(i) A description of each task that the prospective consultant understands as comprising the professional services;

(ii) A list of each individual or labor classification that will perform each task, together with the hourly rate that applies to the individual or labor classification; and

(iii) A list of expenses, including travel expenses, that the prospective consultant expects to incur in connection with providing the professional services.

(d) Permits a prospective consultant identified as qualified under paragraph (c) of this subsection to withdraw from consideration for the procurement if the prospective consultant does not wish to provide a price proposal.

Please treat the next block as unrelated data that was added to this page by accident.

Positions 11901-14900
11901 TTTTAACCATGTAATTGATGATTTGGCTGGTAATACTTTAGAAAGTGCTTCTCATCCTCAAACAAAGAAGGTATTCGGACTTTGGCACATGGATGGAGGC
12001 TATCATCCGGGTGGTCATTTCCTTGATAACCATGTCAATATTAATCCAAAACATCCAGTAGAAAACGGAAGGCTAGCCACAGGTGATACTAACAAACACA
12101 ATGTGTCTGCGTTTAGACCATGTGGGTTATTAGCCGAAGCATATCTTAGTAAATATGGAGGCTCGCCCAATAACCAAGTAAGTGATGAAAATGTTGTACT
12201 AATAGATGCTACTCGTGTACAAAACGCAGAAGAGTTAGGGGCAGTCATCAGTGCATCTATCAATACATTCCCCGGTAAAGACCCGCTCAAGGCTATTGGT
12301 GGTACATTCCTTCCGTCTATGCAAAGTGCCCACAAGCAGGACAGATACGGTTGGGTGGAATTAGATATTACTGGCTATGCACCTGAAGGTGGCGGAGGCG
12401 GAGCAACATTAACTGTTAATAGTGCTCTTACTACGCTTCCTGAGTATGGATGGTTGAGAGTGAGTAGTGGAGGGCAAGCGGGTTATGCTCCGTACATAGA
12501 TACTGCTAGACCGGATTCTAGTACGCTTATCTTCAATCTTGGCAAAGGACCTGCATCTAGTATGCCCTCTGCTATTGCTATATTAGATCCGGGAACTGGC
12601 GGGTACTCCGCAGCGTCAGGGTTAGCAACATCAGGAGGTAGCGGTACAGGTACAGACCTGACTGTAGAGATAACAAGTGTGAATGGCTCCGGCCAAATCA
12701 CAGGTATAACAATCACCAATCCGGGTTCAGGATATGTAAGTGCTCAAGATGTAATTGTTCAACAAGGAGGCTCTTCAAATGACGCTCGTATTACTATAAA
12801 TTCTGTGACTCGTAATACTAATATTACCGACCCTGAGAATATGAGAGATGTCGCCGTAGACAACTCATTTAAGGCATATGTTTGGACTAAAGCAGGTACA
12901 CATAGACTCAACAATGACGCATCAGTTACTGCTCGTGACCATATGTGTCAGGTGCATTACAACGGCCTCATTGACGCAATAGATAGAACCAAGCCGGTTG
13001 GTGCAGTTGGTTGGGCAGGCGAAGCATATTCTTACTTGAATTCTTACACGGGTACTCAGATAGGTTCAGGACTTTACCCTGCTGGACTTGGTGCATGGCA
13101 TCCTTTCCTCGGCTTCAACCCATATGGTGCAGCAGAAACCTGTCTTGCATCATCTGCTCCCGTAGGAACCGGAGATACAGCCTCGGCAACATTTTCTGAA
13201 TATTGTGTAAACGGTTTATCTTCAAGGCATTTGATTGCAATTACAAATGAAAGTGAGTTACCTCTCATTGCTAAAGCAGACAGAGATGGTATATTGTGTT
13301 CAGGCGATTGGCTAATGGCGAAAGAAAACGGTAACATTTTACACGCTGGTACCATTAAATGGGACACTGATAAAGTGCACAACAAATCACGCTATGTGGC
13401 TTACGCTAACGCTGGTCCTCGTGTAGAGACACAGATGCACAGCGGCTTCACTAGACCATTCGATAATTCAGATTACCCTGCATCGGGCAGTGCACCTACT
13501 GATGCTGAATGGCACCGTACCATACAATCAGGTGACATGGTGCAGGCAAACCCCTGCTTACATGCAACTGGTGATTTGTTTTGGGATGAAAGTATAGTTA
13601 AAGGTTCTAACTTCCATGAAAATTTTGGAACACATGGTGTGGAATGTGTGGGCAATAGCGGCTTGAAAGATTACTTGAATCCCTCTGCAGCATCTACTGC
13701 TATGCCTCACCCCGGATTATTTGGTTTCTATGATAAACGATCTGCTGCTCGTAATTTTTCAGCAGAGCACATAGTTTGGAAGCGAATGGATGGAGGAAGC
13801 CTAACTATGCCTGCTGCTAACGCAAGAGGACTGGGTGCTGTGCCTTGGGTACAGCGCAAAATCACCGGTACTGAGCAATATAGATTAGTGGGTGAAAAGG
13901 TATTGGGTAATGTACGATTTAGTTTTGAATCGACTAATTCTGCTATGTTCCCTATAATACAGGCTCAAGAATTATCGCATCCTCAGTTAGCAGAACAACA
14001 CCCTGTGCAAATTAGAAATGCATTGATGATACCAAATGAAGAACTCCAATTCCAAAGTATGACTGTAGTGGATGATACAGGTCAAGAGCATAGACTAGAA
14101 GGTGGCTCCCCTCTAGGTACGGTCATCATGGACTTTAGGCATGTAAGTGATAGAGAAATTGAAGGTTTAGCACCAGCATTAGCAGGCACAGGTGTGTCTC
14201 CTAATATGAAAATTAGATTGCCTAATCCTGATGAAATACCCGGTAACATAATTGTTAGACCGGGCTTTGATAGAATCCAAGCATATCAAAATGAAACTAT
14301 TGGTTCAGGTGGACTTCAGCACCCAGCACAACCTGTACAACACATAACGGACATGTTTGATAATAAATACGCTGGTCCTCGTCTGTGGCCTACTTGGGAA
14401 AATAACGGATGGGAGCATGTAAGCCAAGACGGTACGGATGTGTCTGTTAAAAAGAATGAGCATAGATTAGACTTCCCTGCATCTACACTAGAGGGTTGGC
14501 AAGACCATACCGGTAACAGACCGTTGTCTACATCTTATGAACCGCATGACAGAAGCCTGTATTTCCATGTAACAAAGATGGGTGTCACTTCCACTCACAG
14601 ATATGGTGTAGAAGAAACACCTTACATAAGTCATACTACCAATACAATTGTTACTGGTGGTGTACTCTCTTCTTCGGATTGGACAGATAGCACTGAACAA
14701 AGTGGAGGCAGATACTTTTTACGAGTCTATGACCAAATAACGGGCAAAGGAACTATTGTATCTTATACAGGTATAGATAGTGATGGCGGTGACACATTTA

(e) Completes the evaluation and selects a consultant from among the top-ranked prospective consultants that have not withdrawn as provided under paragraph (d) of this subsection, giving not more than 15 percent of the weight in the evaluation to each prospective consultant’s price proposal.

(6) The contracting agency and the consultant that the contracting agency selects shall mutually discuss, refine and finalize the scope of, the rates and number of hours applicable to, and the maximum compensation level for the professional services and shall negotiate conditions including, but not limited to, a performance schedule for the project. The contracting agency may not pay a compensation level that exceeds a level that the contracting agency alone determines is fair and reasonable to the contracting agency. Authority to negotiate a contract under this section does not supersede any provision of ORS 279A.140 (State procurement of goods and services) or 279C.520 (Condition concerning hours of labor).